Stuart Park ice rink will open with relaxed restrictions

Skate at your own risk

Residents will be asked to police themselves when the outdoor skating rink at Stuart Park opens near the end of November.

City council agreed with a recommendation from staff to open the rink with a three-phased approach, as outlined by sport and event services manager Doug Nicholas.

"To start, the rink would be opened on a casual use basis, providing the public the opportunity to self-regulate as the first step, with stricter safety measures (Mandatory on-line booking) in Level 2 or Level 3 (complete closure) if needed," said Nicholas.

"We believe this fluid operational approach to the Stuart Park ice rink will provide the flexibility required to respond to provincial direction quickly, appropriately and manage the site in a safe and effective manner for the 2020-2021 season."

The only difference between the Level 1 opening proposed and traditional use of the ice is the fact that ancillary services such as skate rentals, food concessions and the fire pit would not be available.

Nicholas said in the view of Interior Health, those services would make the rink an event gathering which would require strict adherence to guidelines.

"Removal of those services opens it up for casual use."

Nicholas said nobody would be onsite to monitor numbers, leaving that up to the public to regulate.

However, he did say the situation would be monitored and, if need be, the city would educate the public on crowd sizes and encouraging them to "move along."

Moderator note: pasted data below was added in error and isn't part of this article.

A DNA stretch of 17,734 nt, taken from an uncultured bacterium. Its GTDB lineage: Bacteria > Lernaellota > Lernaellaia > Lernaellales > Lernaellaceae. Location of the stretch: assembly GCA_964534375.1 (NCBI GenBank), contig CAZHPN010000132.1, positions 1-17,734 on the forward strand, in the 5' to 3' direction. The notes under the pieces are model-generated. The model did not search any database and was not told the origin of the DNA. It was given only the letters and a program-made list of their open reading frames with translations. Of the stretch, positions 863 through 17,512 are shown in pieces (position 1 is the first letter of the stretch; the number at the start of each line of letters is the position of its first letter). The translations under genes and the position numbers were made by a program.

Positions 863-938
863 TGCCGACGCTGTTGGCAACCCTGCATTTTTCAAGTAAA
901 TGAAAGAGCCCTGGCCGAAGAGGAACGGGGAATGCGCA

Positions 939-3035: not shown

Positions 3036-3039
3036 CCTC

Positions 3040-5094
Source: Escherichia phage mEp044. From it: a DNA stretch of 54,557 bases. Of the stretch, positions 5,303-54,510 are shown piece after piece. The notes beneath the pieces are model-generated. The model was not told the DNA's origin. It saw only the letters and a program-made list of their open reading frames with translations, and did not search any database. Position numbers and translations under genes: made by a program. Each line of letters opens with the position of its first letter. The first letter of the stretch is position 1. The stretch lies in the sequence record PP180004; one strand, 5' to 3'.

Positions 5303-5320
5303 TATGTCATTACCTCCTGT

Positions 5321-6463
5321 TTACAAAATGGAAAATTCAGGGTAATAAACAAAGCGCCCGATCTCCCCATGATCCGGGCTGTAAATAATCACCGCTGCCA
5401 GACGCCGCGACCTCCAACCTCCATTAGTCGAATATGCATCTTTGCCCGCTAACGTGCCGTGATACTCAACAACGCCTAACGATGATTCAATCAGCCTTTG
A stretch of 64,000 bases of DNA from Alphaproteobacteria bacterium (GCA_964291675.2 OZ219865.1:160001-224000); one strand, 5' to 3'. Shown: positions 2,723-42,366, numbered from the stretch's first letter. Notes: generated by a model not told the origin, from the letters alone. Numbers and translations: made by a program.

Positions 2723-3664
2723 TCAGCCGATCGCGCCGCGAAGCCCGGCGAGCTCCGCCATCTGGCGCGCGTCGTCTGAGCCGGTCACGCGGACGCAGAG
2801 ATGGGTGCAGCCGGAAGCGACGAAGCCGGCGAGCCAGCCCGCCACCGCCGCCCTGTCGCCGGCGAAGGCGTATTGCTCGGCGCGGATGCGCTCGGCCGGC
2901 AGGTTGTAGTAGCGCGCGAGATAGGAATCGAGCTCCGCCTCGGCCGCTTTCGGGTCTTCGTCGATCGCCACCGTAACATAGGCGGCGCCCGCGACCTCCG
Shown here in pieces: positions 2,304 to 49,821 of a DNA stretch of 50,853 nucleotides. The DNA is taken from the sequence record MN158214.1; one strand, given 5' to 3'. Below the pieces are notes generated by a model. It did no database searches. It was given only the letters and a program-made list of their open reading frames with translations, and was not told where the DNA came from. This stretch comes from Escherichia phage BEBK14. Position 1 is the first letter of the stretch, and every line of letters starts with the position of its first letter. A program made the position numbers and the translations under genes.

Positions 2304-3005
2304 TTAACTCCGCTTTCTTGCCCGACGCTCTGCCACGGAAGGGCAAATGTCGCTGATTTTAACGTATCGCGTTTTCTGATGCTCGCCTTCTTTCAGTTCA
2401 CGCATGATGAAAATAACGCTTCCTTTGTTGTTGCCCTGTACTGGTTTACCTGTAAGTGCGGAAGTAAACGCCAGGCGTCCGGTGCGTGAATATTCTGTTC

If it became a problem, reports would come in, and we would eventually maybe move on to the next level.

"We do think the limited number of services we offer there will limit the number of people there," he says.

"If you combine that with the public comfort level around that site, we think that will also limit the numbers."

Mayor Colin Basran says the city is trying to strike a balance between what medical health officers are saying and providing opportunities for residents wishing to socialize and exercise.

"It's putting it back on residents to police themselves because government can't be everywhere, and be everything to everyone," he said.

"There needs to be some personal accountability by everyone in our community that if you are concerned, just don't go, or take the necessary precautions you believe you need to take in order to be safe.

"If it gets to be too much, we'll move on to Stage 2."

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